Let’s be Candid: What the big new merger promises nonprofits
Early this year, a new force for sector outreach and information came into being. Called Candid, the freshly-minted national resource is the result of a merger between two organizations that have been vital to the sector’s ongoing evolution toward greater transparency and professionalism: GuideStar, which gathers, organizes, and distributes information on nonprofits nationwide; and Foundation Center, which does the same for philanthropies.
GCN CEO Karen Beavor sat down with Candid Executive Vice President Jacob Harold, formerly President & CEO of GuideStar, to find out what went into the team-up, and what their combined efforts mean for the sector’s future.
Karen Beavor: This merger has been a long-term process – I read a story that mentioned The Lodestar Foundation was supporting this work back in 2013.
Jacob Harold: It's been quite a journey, and arguably began a decade ago. The first conversations were just raising the question: Could we do more together? We’re two sides of the same coin: data about grants, data about nonprofits. Together, could we offer better services to the nonprofit sector?
Beavor: Was that organic? Was it encouraged by donors?
Harold: There's no doubt that donors have asked us the same question. But it was organic. Both organizations recognize that, as we move into this technological era, scale really matters. The nonprofit sector deserves to have organizations that are operating at scale and with excellence, which is hard to do when you're small. Even as Candid, we're still relatively small – the Googles of the world are a thousand times bigger than us – but we recognized that the whole could be greater than the sum of the parts.
The nonprofit sector deserves to have organizations that are operating at scale and with excellence, which is hard to do when you’re small.
It wasn't until about 2012 that there was the first attempt to say, "Let's look at this closely and think if this makes sense." At that moment, the answer was "Not quite yet." The two organizations were still undergoing transformations, and there were a lot of things we could do together short of combining.
Beavor: That makes all kinds of sense – and a little bit easier at the end of the day to put together.
Harold: Yes. That gave us an opportunity to spend a few years aligning some of our back-end systems, which saved both organizations a lot of money, and only led to better data. We worked on a number of projects together, we got our teams together to begin brainstorming. Then, a couple of years ago, we brought back the same consulting firm, talked to our boards, and they said, “You're ready.”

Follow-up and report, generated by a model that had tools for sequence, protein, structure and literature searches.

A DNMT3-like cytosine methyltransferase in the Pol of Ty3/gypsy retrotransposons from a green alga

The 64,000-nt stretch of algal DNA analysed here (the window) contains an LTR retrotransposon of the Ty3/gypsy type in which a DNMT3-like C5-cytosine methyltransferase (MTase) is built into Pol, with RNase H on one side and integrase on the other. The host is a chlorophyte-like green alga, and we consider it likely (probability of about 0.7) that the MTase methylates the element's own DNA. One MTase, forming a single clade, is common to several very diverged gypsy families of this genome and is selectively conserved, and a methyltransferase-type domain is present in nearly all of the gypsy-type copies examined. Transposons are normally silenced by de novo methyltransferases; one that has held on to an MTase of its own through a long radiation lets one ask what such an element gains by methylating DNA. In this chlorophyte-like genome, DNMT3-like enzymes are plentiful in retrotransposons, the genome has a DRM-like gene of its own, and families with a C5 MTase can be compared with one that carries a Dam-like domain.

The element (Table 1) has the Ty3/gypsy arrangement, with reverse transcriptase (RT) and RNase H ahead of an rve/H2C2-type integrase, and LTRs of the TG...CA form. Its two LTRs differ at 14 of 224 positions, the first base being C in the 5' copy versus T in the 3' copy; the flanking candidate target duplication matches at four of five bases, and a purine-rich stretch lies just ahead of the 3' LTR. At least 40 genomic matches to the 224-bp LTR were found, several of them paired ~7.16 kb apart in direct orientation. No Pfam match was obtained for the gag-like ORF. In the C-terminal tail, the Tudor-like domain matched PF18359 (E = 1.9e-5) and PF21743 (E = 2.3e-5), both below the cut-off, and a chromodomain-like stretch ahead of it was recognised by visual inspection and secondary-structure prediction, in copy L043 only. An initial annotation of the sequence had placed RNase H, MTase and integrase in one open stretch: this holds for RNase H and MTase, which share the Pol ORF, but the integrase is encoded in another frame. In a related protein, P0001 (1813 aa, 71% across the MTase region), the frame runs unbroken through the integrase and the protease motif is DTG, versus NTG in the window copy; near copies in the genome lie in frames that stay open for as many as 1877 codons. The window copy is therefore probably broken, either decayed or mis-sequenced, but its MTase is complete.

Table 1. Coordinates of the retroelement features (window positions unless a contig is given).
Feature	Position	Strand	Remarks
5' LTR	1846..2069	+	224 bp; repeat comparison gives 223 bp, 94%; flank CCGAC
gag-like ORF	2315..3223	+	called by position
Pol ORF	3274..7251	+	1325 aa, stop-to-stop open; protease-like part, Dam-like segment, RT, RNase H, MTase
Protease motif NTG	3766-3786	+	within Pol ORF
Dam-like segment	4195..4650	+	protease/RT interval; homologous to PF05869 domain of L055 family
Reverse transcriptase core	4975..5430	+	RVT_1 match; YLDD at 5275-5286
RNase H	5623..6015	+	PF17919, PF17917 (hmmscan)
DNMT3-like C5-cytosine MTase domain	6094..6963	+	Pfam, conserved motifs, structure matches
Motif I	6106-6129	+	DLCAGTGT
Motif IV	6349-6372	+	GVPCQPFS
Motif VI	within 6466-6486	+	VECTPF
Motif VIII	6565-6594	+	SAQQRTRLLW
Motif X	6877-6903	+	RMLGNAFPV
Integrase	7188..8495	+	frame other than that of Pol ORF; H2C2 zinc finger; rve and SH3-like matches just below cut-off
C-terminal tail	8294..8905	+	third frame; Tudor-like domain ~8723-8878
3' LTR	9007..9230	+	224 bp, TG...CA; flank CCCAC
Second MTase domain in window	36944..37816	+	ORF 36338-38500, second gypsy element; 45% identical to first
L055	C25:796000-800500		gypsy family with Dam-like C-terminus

It's still new – Candid became official on February 1, 2019 – so we're very much in a listening mode, and an explaining mode. We're trying to be humble, recognizing it's going to take a little while for us to know exactly where we will go. But we’re also ambitious in terms of what we hope we can do for the field.
Beavor: How do you see yourself listening? What's the process for that?
Harold: We created an internal committee to address this exact question, because it's not a simple one. There are several different mechanisms that we will be using. One is an in-person listening tour. We have people in Jamaica right now, setting up a listening session at an international meeting of global philanthropy-supported organizations, and tomorrow we have another here in Atlanta.
Although this isn't final yet, most likely we’ll have an external survey as well, and probably some focus groups. The current plan is to share a draft of our thinking early next year, then have another round that's more of a reaction.
Beavor: Any advice to agencies that are contemplating mergers? What would you avoid? What would you do more of?
Harold: One is to do it on purpose, optimally from a place of strength. So often, mergers and acquisitions in the nonprofit sector are tackled from a place of weakness: One organization is about to go under, so it becomes about taking on problems, instead of creating opportunities.
Board engagement is also really important. We were particularly lucky that both boards of the parent organizations were engaged and very thoughtful, and helped us get a bunch of the tricky questions out of the way from the beginning. That freed us up to focus on things like legal due diligence, fundraising to cover additional costs, and preparing our staffs for the transition.